Indian students’ deaths in the US – the community wants answers?

Amarnath Ghosh, who was doing his dissertation in classical dance, was killed in St Louis in February

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The Unsettling Tragedy of Indian Students Studying Abroad

Jey Sushil, a student at Washington University in St. Louis, Missouri, is dejected. The recent death of his fellow student, Amarnath Ghosh, a 34-year-old classical dancer from India, has left him shaken. Local police are investigating Ghosh’s death as a homicide case.

Sushil says he found out about Ghosh’s passing through a friend in India before receiving any information from the university. “They told us after two days. Students are not very happy with the overall response. It’s like, who cares about how Indians feel?” he laments.

Ghosh was fatally shot off-campus in a city street. The university clarified that it communicates a student’s death only after law enforcement confirms the identity, a process that can take time, and with consent from the student’s next of kin. “We shared this sad news with members of our community as soon as we could and according to the wishes of Amarnath’s closest contacts,” says Julie Flory, the Vice Chancellor of Marketing and Communications at Washington University in St. Louis, describing it as a “horrible tragedy.”

Amarnath Ghosh, who was doing his dissertation in classical dance, was killed in St Louis in February
Amarnath Ghosh, who was doing his dissertation in classical dance, was killed in St Louis in February

Ghosh’s case is not an isolated incident. He is among 11 Indian or Indian-origin students who have died in the US so far this year, sparking fears about personal safety within the community. The causes of death have varied, from hypothermia to suicide to shooting, but experts say there is no discernible link between these unrelated incidents.

“We avoid going out after dark. We have identified places in the city that are unsafe in the evenings. What else can we do?” Sushil asks, reflecting the concerns shared by many Indian students studying in the US.

Like Sushil, other students also complain that their universities do not report the deaths on time, and they find out about them through Indian media or from relatives back home. Mohammad Abdul Arfath, a 25-year-old student at Cleveland State University (CSE), was found dead earlier this month after going missing in March. A fellow student, who wished to remain anonymous, said they learned of Arfath’s death through a WhatsApp message from their parents, who urged them to “stay on guard.”

The desire for an American degree remains strong among Indian families, with nearly 267,000 Indians enrolled in US universities in 2022-23, a number projected to reach a million by 2030. “The desire, the draw or pull of an American degree is very strong in India and appealing to Indian families,” says Rajika Bhandari, a New York-based education expert.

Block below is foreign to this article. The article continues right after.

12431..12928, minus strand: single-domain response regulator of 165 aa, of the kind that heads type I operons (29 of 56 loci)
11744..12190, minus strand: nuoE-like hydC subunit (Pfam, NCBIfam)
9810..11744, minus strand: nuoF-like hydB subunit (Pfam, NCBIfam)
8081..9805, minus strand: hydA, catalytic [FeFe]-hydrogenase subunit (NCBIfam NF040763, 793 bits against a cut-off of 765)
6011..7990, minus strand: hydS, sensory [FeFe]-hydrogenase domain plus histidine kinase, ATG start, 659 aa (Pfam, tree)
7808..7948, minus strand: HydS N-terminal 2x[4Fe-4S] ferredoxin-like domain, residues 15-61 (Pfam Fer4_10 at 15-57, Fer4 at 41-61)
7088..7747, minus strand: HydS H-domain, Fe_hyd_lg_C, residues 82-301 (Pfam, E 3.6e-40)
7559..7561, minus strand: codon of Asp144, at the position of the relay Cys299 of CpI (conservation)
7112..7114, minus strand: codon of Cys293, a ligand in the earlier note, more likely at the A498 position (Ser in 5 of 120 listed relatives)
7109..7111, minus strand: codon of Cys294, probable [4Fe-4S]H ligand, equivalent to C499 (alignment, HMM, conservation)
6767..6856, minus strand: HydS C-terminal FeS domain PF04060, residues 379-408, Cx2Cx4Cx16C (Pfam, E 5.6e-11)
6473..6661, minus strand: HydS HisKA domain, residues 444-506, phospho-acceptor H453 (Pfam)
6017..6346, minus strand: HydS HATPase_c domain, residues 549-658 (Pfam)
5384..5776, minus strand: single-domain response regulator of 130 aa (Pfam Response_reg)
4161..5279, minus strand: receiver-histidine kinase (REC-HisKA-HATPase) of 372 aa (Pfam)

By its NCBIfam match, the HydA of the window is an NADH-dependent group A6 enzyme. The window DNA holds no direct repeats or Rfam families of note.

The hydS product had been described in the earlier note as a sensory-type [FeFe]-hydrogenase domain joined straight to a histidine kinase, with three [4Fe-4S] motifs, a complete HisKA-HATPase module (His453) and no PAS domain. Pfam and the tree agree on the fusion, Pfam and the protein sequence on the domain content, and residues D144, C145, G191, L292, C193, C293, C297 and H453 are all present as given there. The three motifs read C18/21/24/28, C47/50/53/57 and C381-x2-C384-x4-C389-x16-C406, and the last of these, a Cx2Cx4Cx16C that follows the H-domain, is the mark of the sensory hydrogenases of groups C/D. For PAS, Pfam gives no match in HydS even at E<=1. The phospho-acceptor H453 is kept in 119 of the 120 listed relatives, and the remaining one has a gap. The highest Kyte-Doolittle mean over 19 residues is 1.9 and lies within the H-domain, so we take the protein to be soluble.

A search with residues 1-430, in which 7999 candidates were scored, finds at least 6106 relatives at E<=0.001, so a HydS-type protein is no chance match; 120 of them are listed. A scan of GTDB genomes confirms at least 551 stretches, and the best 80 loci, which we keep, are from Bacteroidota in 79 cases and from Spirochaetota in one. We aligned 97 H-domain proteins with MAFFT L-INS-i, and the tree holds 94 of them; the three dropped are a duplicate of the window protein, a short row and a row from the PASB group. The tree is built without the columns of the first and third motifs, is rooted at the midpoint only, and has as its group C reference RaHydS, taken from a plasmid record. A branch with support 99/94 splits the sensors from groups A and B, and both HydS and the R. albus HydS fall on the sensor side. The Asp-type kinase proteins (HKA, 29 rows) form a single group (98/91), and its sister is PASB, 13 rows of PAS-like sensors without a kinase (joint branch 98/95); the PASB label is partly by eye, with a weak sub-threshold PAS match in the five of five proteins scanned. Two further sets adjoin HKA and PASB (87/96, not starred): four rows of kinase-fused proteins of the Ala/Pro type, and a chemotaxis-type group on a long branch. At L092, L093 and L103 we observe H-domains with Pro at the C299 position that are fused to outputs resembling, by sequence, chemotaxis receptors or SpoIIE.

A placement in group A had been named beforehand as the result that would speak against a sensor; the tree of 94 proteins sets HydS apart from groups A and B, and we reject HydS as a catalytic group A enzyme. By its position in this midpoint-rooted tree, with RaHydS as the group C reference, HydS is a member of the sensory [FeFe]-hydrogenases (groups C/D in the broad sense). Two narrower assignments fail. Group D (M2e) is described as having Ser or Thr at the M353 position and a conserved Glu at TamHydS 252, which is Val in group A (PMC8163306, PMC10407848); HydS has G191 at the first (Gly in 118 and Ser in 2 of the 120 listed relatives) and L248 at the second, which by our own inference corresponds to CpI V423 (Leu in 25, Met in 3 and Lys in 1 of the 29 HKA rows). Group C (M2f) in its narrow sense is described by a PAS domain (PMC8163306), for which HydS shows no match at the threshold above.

However, the recent spate of student deaths has brought the issue of personal safety into sharper focus. Sangay Mishra, an associate professor at Drew University in New Jersey, says there is no “clear pattern” that connects the deaths and that “it’s important to not fall into the trap of building an overarching narrative that it’s happening because they’re Indians.” He adds, “I haven’t seen anything which suggests that these are cases of racial hostility or attacks based on race.”

Indian parents, like Meenu Awal, whose son studies at the University of Southern California, express their concerns. “It scares us whenever we hear such kind of news sitting far away in India,” Awal says, adding that she has instructed her son to “not retaliate” even in the case of a robbery, but to “just give cash or whatever, and walk away.” Neetu Marda from Jaipur city, whose daughter attends New York University, says she talks to her every day and keeps her friends’ phone numbers handy, advising her “not to go out alone with unknown people.”

Universities are aware of the psychological impact on students, with Bhandari noting that “international students are increasingly facing mental health issues which are a combination of immense financial pressure and academic pressure to keep up their level so that their visa status is not affected.” Reena Arora-Sanchez, the executive director of communications at CSU, acknowledges that “international students face unique stressors when they leave their support systems and navigate a new culture.”

To address these concerns, the Indian embassy in the US offers guidelines for students to contact them and hosts regular online and in-person open house sessions. At the Georgia Institute of Technology, the India Club president, Pratham Mehta, says they’ve reached out to the institute’s “large Indian student population.” Additionally, CSU provides an app linking students to the university’s police department and offers a free safety escort service for campus and nearby student housing.

Despite the uncertainties, the US remains a sought-after destination for Indian students. Swaraj Jain from Jaipur is heading to New York University in August, brimming with excitement but also a clear understanding of the challenges ahead. “Everyone talks about gun violence and crime. I will have to be careful,” he says.

American universities are in a tough position, acknowledging the “very real concerns around personal safety” while also capitalizing on the “huge and growing appetite among Indian students to study abroad,” as Bhandari puts it. The recent tragedies have brought this issue to the forefront, and universities, along with the broader community, must work to ensure the safety and well-being of these students.

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